By the end of this section, you will be able to:
The relative amounts of reactants and products represented in a balanced chemical equation are often referred to as stoichiometric amounts. All the exercises of the preceding module involved stoichiometric amounts of reactants. For example, when calculating the amount of product generated from a given amount of reactant, it was assumed that any other reactants required were available in stoichiometric amounts (or greater). In this module, more realistic situations are considered, in which reactants are not present in stoichiometric amounts.
Consider another food analogy, making grilled cheese sandwiches (Figure 32.1):
Stoichiometric amounts of sandwich ingredients for this recipe are bread and cheese slices in a 2:1 ratio. Provided with 28 slices of bread and 11 slices of cheese, one may prepare 11 sandwiches per the provided recipe, using all the provided cheese and having six slices of bread left over. In this scenario, the number of sandwiches prepared has been limited by the number of cheese slices, and the bread slices have been provided in excess.
Consider this concept now with regard to a chemical process, the reaction of hydrogen with chlorine to yield hydrogen chloride:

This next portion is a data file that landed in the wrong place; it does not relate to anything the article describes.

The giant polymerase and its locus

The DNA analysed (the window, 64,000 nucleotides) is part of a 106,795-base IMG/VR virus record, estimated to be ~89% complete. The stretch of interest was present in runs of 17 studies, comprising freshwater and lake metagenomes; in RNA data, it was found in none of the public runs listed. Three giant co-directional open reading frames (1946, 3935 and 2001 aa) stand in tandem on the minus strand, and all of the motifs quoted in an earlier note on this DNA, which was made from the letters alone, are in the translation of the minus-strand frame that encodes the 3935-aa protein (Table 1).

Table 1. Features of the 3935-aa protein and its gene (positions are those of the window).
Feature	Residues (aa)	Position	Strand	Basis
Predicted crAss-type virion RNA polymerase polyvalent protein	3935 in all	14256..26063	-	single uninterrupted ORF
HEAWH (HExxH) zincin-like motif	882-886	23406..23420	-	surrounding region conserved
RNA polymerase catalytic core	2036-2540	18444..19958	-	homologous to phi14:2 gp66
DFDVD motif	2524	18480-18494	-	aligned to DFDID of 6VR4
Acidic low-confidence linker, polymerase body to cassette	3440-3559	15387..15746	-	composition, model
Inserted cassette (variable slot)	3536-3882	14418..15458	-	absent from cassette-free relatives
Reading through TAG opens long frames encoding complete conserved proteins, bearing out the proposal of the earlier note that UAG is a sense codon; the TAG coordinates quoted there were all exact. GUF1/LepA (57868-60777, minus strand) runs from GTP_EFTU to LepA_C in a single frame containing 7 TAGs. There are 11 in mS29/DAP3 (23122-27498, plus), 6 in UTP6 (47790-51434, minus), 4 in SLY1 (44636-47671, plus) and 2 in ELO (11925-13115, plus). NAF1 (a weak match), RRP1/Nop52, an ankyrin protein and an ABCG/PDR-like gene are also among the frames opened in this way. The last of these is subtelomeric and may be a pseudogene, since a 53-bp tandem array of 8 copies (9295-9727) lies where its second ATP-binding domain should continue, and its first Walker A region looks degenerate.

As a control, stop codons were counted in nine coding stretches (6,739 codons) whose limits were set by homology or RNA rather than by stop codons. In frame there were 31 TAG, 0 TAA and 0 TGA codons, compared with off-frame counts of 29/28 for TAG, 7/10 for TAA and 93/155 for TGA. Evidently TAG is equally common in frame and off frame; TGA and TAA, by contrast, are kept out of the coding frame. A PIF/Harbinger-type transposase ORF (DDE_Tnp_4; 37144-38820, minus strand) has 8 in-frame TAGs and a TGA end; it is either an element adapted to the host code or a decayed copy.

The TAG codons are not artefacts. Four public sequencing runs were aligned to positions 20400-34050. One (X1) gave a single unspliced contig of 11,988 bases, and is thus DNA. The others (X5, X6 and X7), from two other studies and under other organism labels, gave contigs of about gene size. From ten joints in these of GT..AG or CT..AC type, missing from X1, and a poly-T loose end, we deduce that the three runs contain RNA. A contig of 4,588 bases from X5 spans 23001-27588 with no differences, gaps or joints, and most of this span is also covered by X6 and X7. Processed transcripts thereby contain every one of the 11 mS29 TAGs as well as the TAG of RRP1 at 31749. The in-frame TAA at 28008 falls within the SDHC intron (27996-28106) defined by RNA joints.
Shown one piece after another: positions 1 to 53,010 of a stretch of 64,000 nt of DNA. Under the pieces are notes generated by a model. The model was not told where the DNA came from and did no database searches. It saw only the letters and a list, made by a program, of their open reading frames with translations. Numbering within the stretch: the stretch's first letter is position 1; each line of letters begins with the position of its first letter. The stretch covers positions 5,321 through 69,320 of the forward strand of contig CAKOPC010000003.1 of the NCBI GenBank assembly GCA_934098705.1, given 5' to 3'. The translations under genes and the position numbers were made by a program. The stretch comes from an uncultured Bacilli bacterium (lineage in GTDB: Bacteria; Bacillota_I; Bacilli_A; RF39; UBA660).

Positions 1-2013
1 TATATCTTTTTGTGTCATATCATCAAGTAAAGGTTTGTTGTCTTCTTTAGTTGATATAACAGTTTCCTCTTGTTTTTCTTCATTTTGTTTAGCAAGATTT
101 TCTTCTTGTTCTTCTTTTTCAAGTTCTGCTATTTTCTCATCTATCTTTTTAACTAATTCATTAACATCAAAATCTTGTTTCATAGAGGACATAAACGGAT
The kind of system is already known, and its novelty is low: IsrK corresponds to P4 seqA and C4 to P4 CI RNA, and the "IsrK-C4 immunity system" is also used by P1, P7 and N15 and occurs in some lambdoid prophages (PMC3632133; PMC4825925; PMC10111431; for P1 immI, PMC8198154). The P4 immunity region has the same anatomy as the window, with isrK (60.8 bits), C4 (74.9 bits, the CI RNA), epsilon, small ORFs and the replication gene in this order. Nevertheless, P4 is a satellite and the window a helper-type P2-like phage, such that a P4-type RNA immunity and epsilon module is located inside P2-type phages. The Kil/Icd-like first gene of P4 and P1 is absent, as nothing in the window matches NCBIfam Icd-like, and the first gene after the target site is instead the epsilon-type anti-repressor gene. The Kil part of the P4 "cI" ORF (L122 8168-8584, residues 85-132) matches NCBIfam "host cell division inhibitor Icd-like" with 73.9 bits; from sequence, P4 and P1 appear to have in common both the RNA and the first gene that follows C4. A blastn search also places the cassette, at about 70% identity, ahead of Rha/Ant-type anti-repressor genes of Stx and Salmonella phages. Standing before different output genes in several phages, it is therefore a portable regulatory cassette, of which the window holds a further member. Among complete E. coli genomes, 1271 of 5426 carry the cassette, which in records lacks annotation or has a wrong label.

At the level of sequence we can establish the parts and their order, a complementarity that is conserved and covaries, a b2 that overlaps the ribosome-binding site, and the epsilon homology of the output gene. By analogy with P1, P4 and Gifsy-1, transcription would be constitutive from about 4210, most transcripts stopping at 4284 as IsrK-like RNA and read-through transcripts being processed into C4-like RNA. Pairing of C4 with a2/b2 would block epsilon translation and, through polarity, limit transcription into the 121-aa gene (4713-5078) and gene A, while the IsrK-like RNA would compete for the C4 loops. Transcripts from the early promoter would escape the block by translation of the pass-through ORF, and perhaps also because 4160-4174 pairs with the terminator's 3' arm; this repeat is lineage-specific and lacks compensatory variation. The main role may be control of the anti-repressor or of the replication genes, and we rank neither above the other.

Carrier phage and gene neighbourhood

The balanced equation shows the hydrogen and chlorine react in a 1:1 stoichiometric ratio. If these reactants are provided in any other amounts, one of the reactants will nearly always be entirely consumed, thus limiting the amount of product that may be generated. This substance is the limiting reactant, and the other substance is the excess reactant. Identifying the limiting and excess reactants for a given situation requires computing the molar amounts of each reactant provided and comparing them to the stoichiometric amounts represented in the balanced chemical equation. For example, imagine combining 3 moles of H2 and 2 moles of Cl2. This represents a 3:2 (or 1.5:1) ratio of hydrogen to chlorine present for reaction, which is greater than the stoichiometric ratio of 1:1. Hydrogen, therefore, is present in excess, and chlorine is the limiting reactant. Reaction of all the provided chlorine (2 mol) will consume 2 mol of the 3 mol of hydrogen provided, leaving 1 mol of hydrogen unreacted.
An alternative approach to identifying the limiting reactant involves comparing the amount of product expected for the complete reaction of each reactant. Each reactant amount is used to separately calculate the amount of product that would be formed per the reaction’s stoichiometry. The reactant yielding the lesser amount of product is the limiting reactant. For the example in the previous paragraph, complete reaction of the hydrogen would yield
Complete reaction of the provided chlorine would produce
The chlorine will be completely consumed once 4 moles of HCl have been produced. Since enough hydrogen was provided to yield 6 moles of HCl, there will be unreacted hydrogen remaining once this reaction is complete. Chlorine, therefore, is the limiting reactant and hydrogen is the excess reactant (Figure 32.2).
Which is the limiting reactant when 2.00 g of Si and 1.50 g of N2 react?
The provided Si:N2 molar ratio is:
The stoichiometric Si:N2 ratio is:
Comparing these ratios shows that Si is provided in a less-than-stoichiometric amount, and so is the limiting reactant.
Alternatively, compute the amount of product expected for complete reaction of each of the provided reactants. The 0.0712 moles of silicon would yield
while the 0.0535 moles of nitrogen would produce